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By the second wave of Covid, doctors had a better understanding of how to effectively treat extremely sick patients but the virus still baffled doctors...

A previously healthy and young Palestinian female was admitted the intensive care unit with serious breathing difficulties. She almost needed mechanical ventilation but she responded very well to treatment and after a week-long stay, in ICU, was about to be discharged to the normal internal medicine corona department.

On the day she was meant to be discharged she suddenly complained of severe chest pain.

A rapid investigation revealed that she was in the middle of a massive heart attack. Treatment was immediately instituted and she underwent an emergency cardiac catheterisation. A blocked vessel in heart muscle was found and a stent was inserted. She returned to our department. The pain was managed and she had minimal damage to her heart function.

She was subsequently discharged to the cardiology department in excellent health and is currently under the observation of a senior cardiologist to determine if the heart attack which is most unusual in a young female was due solely to COVID 19 or if there were other hereditary or metabolic factors involved.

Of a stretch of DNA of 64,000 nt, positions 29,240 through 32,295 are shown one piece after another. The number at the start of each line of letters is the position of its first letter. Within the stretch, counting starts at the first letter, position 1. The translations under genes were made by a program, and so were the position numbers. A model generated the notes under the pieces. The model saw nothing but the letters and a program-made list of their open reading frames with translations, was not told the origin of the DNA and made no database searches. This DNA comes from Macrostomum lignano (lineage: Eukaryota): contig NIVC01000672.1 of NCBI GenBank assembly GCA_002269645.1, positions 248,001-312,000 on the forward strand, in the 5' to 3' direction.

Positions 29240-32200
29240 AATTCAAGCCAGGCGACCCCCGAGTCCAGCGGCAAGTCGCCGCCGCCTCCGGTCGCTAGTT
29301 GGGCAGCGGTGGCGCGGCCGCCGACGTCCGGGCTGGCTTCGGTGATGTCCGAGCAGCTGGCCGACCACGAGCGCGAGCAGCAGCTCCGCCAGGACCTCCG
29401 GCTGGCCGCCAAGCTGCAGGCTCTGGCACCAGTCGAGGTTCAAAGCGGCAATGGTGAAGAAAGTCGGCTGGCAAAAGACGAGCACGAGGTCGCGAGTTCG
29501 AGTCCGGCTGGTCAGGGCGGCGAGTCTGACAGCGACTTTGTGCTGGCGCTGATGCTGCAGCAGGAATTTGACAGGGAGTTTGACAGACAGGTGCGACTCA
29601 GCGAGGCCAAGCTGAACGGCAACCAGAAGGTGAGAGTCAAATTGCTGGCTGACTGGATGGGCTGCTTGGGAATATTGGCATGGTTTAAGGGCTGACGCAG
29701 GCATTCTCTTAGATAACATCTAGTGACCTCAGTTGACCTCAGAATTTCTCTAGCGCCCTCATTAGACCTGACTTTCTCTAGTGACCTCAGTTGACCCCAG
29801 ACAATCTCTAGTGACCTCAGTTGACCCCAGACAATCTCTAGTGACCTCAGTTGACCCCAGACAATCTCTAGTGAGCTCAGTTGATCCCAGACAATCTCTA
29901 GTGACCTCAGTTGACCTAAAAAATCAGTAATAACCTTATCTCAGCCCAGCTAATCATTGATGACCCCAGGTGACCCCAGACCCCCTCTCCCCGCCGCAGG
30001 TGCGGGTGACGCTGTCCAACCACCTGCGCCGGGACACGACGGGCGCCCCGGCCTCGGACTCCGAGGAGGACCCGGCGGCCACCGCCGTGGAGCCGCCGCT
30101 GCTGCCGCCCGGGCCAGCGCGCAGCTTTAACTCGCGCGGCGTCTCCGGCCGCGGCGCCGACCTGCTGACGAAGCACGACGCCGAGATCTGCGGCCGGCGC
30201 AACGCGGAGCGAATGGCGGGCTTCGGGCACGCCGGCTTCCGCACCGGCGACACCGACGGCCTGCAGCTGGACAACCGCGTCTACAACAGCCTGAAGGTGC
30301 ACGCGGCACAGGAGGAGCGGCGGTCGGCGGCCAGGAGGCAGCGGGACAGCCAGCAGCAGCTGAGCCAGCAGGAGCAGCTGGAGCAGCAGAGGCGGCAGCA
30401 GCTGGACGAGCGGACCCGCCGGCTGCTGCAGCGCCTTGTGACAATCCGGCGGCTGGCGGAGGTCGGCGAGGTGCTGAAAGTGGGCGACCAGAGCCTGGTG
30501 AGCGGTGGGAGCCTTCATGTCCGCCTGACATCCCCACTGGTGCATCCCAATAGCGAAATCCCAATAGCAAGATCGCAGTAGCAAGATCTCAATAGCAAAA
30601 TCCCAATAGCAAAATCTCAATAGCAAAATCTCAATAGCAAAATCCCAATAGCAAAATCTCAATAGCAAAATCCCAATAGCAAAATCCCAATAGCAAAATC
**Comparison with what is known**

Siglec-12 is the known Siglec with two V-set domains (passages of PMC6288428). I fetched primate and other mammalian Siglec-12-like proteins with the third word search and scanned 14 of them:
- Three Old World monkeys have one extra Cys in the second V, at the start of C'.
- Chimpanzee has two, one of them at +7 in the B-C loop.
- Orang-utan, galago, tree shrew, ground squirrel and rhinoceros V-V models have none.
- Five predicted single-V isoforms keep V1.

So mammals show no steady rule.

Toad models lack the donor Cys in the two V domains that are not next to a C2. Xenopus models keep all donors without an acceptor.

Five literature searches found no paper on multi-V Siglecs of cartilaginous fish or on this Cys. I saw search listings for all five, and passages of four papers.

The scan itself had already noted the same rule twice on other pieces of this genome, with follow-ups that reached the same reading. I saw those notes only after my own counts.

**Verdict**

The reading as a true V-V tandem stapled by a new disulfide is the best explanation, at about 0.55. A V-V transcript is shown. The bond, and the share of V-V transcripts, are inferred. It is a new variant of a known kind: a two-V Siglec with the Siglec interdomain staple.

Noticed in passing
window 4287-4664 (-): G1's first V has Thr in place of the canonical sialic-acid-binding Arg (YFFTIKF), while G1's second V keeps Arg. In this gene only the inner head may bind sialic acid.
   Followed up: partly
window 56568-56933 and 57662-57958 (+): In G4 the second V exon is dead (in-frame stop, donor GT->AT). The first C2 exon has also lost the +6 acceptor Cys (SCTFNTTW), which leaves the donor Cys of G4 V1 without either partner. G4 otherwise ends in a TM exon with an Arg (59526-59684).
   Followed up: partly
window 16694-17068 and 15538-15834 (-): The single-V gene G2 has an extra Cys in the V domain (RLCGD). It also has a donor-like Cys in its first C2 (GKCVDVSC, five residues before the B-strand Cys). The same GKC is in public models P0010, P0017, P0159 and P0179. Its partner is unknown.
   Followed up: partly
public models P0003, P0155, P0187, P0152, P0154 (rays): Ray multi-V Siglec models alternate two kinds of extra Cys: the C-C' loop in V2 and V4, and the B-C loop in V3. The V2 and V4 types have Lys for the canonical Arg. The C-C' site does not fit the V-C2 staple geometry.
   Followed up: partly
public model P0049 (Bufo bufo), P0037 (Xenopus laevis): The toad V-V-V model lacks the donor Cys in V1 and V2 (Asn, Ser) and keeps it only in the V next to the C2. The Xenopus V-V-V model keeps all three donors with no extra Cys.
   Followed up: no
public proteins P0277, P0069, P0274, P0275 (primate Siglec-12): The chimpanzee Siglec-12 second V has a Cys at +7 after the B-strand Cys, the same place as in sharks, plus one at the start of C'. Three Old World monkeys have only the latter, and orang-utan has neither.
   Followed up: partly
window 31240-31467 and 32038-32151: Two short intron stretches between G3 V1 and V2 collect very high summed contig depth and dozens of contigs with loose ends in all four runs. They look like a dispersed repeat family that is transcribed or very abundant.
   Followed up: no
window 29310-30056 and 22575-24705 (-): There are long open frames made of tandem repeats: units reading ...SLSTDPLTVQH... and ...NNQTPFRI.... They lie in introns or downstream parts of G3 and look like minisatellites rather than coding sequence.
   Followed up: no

This is an example of the thousands of stories from severely ill patients that have been treated in our intensive care unit at Laniado Hospital over the last 19 years.

At the time of the start of the pandemic our patients were being treated in a small cramped department where we could only manage 6 patients at a time. This has since been increased to 17 as building has already started on our new, state of the art, 24 bed, intensive care department. 

We are hoping to move into our new department at the beginning of May 2023.

With the help of Hashem may my wonderful staff continue to provide the highest level of care to our most complex patients, treating each and every one of our patients as if they are a close family member, helping them and their families negotiate these most dangerous and trying times, safely.

Lydia Luxner
Head Nurse ICU

Picture Credit: Pexels, Rodnae Productions

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